Honors Reception ice sculpture

Nearly 300 scientists, technicians, managers, family members and invited guests attended this year's INL Honors Reception.

Researchers, inventors, technicians honored for achievements

By Sarah Robertson, INL Communications & Governmental Affairs

Richard Schultz, Individual Lifetime Achievement in Science and Technology

Idaho National Laboratory welcomed its scientists and engineers to an evening of elegance in honor of numerous achievements during 2012. The annual Honors Reception, hosted Feb. 1 at the Colonial Theater in Idaho Falls, is the lab's version of the Oscars. The best and the brightest minds mingled with special guests from the Idaho community and enjoyed hors d'oeuvres as the ceremony got under way.

More than 120 researchers and inventors were honored during the event. These achievements culminated in the celebration of 38 new patents, filing for 26 new patents and submission of 88 new invention disclosures. These efforts produce advances that may be used by U.S. government agencies and licensed for commercialization in various markets.

INL also added one more international R&D 100 Award to its total of 47 since 1986. There have been 15 R&D 100 Awards presented to INL researchers since INL was created in 2005. This year's award went to INL researchers who collaborated with a University of Utah professor and his graduate student to invent Wireless Spectrum Communications. WSComm offers the potential to ensure reliable communication well into the future for the more than 6 billion mobile phones and devices in use.

Laura Carroll, Early Career Exceptional Achievement
Laboratory Director John Grossenbacher recognized several other researchers for receiving national acclaim for their work. Derek Gaston, who won last year's laboratory director award for early career achievement, received the 2012 Presidential Early Career Award for Scientists and Engineers — the highest honor the government bestows on young researchers. Rita Wells was recognized for her appointment by Janet Napolitano, secretary of the U.S. Department of Homeland Security, to the cyberskills task force. INL researchers Steve Johnson, Kelly Lively, Amy Powell, Eric Clarke and Darrell Wheeler were recognized for receiving the Partnership for Science and Technology's Nuclear Energy Advocate Award for their work on the radioisotope battery that is powering the Mars Rover.

"In 2012, INL's talented people achieved, accomplished, added important new capabilities and moved our institution forward," said Grossenbacher. "Our record of invention and research impresses me more each year. Our researchers at Idaho National Laboratory are working on some of the nation's most daunting challenges in energy, environment, and national and homeland security. They deserve recognition and congratulations for their many impressive achievements."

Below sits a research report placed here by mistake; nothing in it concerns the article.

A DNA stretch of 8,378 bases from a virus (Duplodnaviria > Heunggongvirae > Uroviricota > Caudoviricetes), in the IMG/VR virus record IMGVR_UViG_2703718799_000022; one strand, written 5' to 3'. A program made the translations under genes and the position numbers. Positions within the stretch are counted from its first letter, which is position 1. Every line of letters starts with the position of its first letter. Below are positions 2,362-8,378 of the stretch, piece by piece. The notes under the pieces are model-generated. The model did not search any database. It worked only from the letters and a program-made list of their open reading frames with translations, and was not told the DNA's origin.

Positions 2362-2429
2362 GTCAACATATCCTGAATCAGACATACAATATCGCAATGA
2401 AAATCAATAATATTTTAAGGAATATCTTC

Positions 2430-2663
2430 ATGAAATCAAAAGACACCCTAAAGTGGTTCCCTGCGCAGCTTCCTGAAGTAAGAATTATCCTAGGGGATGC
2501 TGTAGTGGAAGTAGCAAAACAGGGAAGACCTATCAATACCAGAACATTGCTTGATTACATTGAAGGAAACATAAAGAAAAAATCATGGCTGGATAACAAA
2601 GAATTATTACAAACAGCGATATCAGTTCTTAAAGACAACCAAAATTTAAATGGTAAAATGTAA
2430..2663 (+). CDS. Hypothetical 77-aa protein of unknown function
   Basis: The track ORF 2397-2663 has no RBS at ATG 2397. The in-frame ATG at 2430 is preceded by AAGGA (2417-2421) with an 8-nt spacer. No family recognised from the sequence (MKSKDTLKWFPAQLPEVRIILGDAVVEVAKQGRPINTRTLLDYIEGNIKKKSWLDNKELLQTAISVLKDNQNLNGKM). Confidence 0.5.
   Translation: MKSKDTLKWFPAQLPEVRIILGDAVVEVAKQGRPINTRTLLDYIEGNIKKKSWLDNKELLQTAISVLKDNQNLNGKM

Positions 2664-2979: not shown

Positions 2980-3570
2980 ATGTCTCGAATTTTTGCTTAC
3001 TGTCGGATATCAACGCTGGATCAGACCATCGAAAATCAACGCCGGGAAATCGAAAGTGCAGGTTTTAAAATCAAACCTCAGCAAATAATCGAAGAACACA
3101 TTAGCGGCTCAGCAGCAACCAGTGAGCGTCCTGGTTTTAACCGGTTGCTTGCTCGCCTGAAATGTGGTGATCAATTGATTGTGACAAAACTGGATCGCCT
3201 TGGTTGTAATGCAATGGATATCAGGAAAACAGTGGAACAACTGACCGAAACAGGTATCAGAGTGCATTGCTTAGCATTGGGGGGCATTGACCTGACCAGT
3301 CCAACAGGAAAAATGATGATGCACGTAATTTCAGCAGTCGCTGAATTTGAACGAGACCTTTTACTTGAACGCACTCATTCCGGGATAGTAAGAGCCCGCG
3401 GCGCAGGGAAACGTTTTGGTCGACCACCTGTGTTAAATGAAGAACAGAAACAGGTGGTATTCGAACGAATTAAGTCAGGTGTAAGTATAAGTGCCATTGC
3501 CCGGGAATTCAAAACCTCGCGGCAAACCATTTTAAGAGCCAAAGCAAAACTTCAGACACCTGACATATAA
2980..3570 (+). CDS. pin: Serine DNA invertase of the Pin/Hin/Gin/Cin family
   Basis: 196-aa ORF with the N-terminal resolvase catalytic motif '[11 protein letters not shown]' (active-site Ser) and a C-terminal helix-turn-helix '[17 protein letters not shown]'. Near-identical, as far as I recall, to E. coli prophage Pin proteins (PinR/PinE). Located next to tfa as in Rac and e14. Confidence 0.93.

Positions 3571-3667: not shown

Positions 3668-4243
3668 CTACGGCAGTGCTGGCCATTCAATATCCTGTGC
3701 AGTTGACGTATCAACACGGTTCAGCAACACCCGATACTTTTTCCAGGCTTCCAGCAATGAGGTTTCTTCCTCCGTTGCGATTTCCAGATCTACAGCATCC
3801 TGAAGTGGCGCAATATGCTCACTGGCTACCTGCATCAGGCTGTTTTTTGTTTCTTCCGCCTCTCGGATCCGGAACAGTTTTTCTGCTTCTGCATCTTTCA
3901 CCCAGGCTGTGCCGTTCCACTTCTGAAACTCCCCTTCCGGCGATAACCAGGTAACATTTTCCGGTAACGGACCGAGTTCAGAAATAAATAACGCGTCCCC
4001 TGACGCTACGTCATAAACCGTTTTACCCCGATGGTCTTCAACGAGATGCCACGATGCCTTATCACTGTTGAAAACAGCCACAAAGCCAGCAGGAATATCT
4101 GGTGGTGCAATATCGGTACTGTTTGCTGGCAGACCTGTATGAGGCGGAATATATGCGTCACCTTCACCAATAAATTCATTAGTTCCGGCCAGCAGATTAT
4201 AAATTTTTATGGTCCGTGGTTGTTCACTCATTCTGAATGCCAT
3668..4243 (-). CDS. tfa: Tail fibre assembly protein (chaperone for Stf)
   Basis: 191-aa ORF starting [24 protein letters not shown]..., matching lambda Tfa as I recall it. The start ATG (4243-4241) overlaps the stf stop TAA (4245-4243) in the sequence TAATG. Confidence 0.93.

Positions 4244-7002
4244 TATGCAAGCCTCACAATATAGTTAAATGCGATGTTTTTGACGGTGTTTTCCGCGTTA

In addition to recognizing invention, three Laboratory Director's Achievement Awards and a Technician of the Year Award were given to employees who made significant contributions in their research fields in 2012.

Paul Demkowicz, Exceptional Engineering Achievement

Paul Demkowicz for Exceptional Engineering Achievement
Paul Demkowicz has worked at INL for nine years on a number of nuclear materials projects. He was the principal investigator responsible for post-irradiation examination and safety testing of TRISO fuel for the Next Generation Nuclear Plant project.

Laura Carroll for Early Career Exceptional Achievement
Laura Carroll has been at the lab since 2008. She leads work to characterize advanced reactor materials and is principal investigator for the "Fast Reactor Advanced Materials: Advanced Alloy Testing" project under the Small Modular Reactor Advanced Reactor Concepts program. She is the task lead for the "Elevated Temperature Cyclic Behavior Characterization" portion of the Next Generation Nuclear Plant program.

Richard Schultz for Individual Lifetime Achievement in Science and Technology
Richard Schultz has been at INL since 1976. He is the plant technical lead on the Next Generation Nuclear Plant Methods Experimental Verification and Validation and other related projects. He has conducted research around the world and has authored 130 publications, peer-reviewed articles, conference papers, book chapters and reports. He is also a founding member of the American Society of Mechanical Engineers Presidential Task Force on Response to Japan Nuclear Power Events following the Fukushima event.

Paul Hansen, Technician of the Year
Paul Hansen for Technician of the Year
Paul Hansen is a research and development technician for the Fuel Fabrication and Characterization Department and develops innovative casting processes and techniques for metal fuels. He has worked on casting of Experimental Breeder Reactor-II Uranium-Zirconium driver fuel, complicated multicomponent transuranic fuels and annular fuels for the U.S. Department of Energy's Fuel Cycle Research and Development program and TerraPower, a private company developing an innovative reactor design.

More information
Watch a video of INL's notable achievements in 2012.

(Posted Feb. 25, 2013)

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